As far as I know, companies only take down fan projects that draw way too much attention and therefore become a real annoyance for them.

Venia Silente

Inspectious. Good for napping.

on the second floor's nest
Seen 41 Minutes Ago
Posted 1 Week Ago
1,150 posts
14.2 Years
There's no argument that ROM hacks are illegal in some jurisdictions. That's just fact in that it's written in the laws in those jurisdictions.

At the same time however, that doesn't really mean anything. An US State once passed a law that said the value of pi is equal to 3, and many States in the US considered entire human races legal property down to not very long ago, so those States trying to heroically pound on their chest while decrying the "evils of lesser men", which means poorer non-corporate men with no lawyers, doesn't really sway me. So, if anything, that something is codified in law mostly speaks that it is codified in customs, not much more.

Even more, sure, ROM hacks and fan games may be illegal, but they are not bad to do considering the alternative, in particular when it comes to GameFreak, and the legality only matters if the IP holder ever presses charges. As my Economics teacher said, people can do all the all the good and evil they want and it won't be a crime if no one presses charges which is why white collar corruption is so rampant yet a poor man that tries to feed a fellow stray dog can go to prison for 5 years and 1 day (and why it's so difficult to fix medical malpractice).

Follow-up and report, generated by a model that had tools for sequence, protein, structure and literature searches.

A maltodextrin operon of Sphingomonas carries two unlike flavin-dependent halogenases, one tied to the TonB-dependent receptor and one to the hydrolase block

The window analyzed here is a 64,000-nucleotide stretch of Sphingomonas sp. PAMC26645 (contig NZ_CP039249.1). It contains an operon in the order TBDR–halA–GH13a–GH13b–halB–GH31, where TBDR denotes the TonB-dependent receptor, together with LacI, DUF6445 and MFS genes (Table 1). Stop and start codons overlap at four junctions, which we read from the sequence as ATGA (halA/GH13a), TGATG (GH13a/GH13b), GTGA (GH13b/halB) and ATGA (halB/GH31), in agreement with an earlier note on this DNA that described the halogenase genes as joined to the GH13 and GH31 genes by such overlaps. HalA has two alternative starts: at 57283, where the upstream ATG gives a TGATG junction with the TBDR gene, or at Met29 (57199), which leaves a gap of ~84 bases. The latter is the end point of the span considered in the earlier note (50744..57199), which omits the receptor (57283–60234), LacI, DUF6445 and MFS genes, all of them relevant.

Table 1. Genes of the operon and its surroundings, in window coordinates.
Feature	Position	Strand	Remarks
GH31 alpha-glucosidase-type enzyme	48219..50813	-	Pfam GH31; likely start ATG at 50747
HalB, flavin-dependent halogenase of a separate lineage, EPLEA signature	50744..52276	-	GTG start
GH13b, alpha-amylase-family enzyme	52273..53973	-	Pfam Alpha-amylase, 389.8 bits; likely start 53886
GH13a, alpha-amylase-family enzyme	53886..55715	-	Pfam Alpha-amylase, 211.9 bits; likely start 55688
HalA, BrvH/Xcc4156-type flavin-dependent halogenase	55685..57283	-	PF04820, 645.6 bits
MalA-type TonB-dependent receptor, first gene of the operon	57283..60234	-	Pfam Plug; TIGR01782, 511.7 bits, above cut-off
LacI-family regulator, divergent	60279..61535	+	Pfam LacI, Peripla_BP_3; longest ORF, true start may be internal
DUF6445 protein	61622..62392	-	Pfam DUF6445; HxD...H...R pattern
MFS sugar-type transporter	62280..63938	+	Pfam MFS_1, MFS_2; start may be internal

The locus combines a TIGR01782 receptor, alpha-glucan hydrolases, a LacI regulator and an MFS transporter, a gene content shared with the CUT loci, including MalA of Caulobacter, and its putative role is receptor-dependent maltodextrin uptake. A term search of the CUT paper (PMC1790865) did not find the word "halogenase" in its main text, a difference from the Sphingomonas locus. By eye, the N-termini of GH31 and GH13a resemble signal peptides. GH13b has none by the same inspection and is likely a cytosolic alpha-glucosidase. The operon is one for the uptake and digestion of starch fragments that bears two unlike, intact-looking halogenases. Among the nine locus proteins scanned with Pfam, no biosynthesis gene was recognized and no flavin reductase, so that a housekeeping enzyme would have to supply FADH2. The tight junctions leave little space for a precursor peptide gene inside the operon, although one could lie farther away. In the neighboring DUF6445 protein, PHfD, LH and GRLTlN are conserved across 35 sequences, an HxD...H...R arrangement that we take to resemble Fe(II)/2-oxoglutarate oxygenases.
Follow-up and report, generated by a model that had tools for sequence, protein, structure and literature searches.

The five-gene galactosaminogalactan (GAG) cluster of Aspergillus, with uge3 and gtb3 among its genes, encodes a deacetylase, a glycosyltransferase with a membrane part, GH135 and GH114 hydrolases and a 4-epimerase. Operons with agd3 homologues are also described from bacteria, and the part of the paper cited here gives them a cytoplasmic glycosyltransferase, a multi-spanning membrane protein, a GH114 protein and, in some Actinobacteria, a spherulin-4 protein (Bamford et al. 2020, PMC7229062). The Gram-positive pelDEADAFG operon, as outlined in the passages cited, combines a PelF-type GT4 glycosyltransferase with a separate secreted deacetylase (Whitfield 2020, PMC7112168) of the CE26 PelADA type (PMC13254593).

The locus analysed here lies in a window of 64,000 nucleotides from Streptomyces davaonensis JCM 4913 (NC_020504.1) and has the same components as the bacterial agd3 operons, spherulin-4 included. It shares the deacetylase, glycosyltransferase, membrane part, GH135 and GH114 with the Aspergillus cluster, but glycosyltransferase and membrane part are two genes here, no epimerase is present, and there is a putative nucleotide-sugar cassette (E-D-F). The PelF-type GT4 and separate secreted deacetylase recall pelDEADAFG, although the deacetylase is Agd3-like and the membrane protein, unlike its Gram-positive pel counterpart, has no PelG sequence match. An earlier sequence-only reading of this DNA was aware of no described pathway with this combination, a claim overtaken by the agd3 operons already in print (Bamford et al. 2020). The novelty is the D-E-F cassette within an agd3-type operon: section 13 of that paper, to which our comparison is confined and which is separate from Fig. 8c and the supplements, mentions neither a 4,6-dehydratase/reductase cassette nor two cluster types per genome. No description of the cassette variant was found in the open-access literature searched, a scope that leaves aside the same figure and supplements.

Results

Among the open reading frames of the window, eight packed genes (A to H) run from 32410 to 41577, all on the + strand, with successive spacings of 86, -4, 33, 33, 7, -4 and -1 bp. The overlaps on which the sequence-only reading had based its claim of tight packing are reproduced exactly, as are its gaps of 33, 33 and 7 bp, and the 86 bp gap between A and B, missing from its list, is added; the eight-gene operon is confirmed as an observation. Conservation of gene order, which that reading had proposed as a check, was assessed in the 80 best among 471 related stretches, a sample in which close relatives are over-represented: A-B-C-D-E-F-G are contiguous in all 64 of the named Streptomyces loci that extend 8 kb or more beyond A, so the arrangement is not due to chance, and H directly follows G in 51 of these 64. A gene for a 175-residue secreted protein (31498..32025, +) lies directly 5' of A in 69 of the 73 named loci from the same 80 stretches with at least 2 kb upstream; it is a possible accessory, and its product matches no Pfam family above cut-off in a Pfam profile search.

To complete the trifecta, as @jojobear13 pointed out, these IP laws are constructed on an unjust and unethical foundation of "copyright", which is so morally broken that our children and our grandchildren won't be able to participate in the culture that our fellow artists produce today, they'll only be able to consume if authorized to; yeah, it's only our grand-grandchildren that will be able to participate in the culture we create. How is that any ethically or morally right? And Nintendo is a particularly heinous case on that, to the point that the feelings of the homebrew scenes in general, even in mediums that have nothing to do with videogames, is that it is always ethical to pirate Nintendo stuff (see what happened, for example, with A Metroid 2 Remake).

tl;dr: to the question of "do I consider fan games illegal?" my answer is "they are the proof unjust laws must be fought against".
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For my college English class (its focused around gaming) we have to write an essay about a specific gaming community. I choose Pokémon ROM hacks and fan games, as I've come to appreciate them a lot more than some of the main series games as of late. For my essay I'm trying to get opinions on how players view the legality of fan games and what drives people to create them.
If you need to write an article on a gaming topic, I recommend finding good references and preparing yourself. Personally, when I was in college, I used to look for the necessary materials on in order to prepare for the lesson and have a good knowledge of the topic we are studying. I think this service will be useful for you because you can improve your grades and prepare for writing assignments and more.